Earth Overshoot Day!
I just received an important notice from the Global Footprint Network (based in Geneva). Today, 20 August 2013, is “Earth Overshoot Day.” It’s the approximate date that humanity’s annual demand on nature exceeds what Earth can renew in a year.
In just 7 months and 20 days, humankind has demanded a level of ecological resources and services – from food and raw materials to sequestering carbon dioxide from fossil fuel emissions – equivalent to what Earth can regenerate for all of 2013. We have exhausted nature’s budget for the year.
For the rest of the year, we will operate in overshoot.
As our levels of consumption increase, the interest we pay on this mounting ecological debt – shrinking forests, biodiversity loss, fisheries collapse, food shortages, degraded land productivity, loss of potable water – burdens the environment and undermines economies around the world. Human-accelerated climate change is the most widespread impact of ecological overshooting.
In the early 1960s, humanity used only about 2/3 of Earth’s available natural resources. In the 1970s, we went into ecological overshoot. Now we’re using ecological resources and services at a rate it would take just over 1.5 Earths to renew. Before mid-century, that consumption will require 2 Earths!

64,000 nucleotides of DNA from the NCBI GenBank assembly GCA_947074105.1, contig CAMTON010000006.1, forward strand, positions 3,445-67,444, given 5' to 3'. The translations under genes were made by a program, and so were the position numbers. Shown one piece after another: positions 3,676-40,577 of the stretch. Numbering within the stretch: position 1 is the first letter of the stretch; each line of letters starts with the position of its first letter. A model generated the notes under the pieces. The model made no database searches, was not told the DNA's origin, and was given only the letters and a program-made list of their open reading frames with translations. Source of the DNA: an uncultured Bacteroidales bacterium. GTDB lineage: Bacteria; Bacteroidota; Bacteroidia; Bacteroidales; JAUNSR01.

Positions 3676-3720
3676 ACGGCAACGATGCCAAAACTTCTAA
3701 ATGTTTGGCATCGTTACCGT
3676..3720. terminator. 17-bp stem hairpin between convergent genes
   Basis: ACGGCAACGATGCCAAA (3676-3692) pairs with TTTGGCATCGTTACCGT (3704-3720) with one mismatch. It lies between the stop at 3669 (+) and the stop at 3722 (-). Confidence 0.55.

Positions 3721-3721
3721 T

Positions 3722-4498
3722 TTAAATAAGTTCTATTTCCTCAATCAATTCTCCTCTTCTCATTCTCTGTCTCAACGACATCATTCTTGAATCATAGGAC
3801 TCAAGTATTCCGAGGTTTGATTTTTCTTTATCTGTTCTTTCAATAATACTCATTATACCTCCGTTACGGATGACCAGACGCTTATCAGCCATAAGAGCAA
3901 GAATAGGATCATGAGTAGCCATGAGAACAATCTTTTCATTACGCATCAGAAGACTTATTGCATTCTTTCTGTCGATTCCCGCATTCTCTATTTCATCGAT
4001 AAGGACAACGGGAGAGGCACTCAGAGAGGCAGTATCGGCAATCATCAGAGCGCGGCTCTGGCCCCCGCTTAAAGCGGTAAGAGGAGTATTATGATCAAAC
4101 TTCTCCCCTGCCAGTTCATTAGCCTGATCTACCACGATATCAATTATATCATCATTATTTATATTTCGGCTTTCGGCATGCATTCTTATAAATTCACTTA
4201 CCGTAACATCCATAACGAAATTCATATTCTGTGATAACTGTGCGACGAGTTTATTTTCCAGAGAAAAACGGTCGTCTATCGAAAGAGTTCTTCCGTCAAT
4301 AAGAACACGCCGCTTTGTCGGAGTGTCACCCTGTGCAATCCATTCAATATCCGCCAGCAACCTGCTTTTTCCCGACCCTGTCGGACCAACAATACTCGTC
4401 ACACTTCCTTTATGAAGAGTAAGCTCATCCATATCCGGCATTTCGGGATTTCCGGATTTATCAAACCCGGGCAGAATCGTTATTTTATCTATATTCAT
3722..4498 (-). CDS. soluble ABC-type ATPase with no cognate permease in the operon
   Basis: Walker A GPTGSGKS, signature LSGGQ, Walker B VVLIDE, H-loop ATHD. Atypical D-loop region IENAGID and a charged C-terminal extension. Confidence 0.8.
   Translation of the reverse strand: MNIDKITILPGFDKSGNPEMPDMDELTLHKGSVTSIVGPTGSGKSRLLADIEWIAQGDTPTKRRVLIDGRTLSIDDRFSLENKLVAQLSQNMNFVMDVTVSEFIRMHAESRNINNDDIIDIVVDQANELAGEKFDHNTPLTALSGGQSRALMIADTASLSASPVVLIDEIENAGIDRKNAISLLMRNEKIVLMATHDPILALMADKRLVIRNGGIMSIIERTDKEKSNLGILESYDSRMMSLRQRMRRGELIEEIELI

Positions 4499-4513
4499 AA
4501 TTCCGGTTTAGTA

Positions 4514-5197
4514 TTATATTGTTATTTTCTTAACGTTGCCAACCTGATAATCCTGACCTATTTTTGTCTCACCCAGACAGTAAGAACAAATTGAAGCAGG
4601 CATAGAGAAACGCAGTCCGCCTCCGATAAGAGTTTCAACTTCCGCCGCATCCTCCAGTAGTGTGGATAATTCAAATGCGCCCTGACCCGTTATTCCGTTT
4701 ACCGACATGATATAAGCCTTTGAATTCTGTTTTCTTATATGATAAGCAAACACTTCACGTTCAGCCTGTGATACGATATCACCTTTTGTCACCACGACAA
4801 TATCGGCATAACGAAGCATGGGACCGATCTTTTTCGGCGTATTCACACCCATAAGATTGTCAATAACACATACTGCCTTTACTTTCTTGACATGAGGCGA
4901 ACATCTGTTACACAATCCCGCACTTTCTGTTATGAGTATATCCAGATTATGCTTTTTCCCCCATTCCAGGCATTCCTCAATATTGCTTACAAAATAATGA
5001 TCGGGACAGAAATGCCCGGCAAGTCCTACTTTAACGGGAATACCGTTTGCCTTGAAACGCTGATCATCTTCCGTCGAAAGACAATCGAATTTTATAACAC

Today more than 80% of the world’s human population lives in countries that use more than the ecosystems within their own borders can renew. These “ecological debtor” countries either deplete their own resources or get them from elsewhere. Japan’s residents consume the ecological resources of 7.1 Japans. It takes 4 Italys to support Italy. Egypt uses the ecological resources of 2.4 Egypts.
It’s possible to turn the tide. It will take individual and collective resolve to reduce unnecessary consumption. It will take a robust investment in science and education. It will take leadership to align governments, financial institutions, and even religious organizations with ecological reality. It will take direct action by voters to work with their Congressional representatives on important issues such as human-accelerated climate change, evolution, conservation, and science in general.
See Global Footprint Network's Earth Overshoot Day page for more information. The Network site also offers a footprint calculator so you can determine your own impact on Earth’s limited resources. Try it! I did … If everyone lived like I do, then we’d require 4.7 Earths. Oh gosh, was that humbling!
Warm regards for a Warming Planet …
H. Bruce Rinker, Ph.D.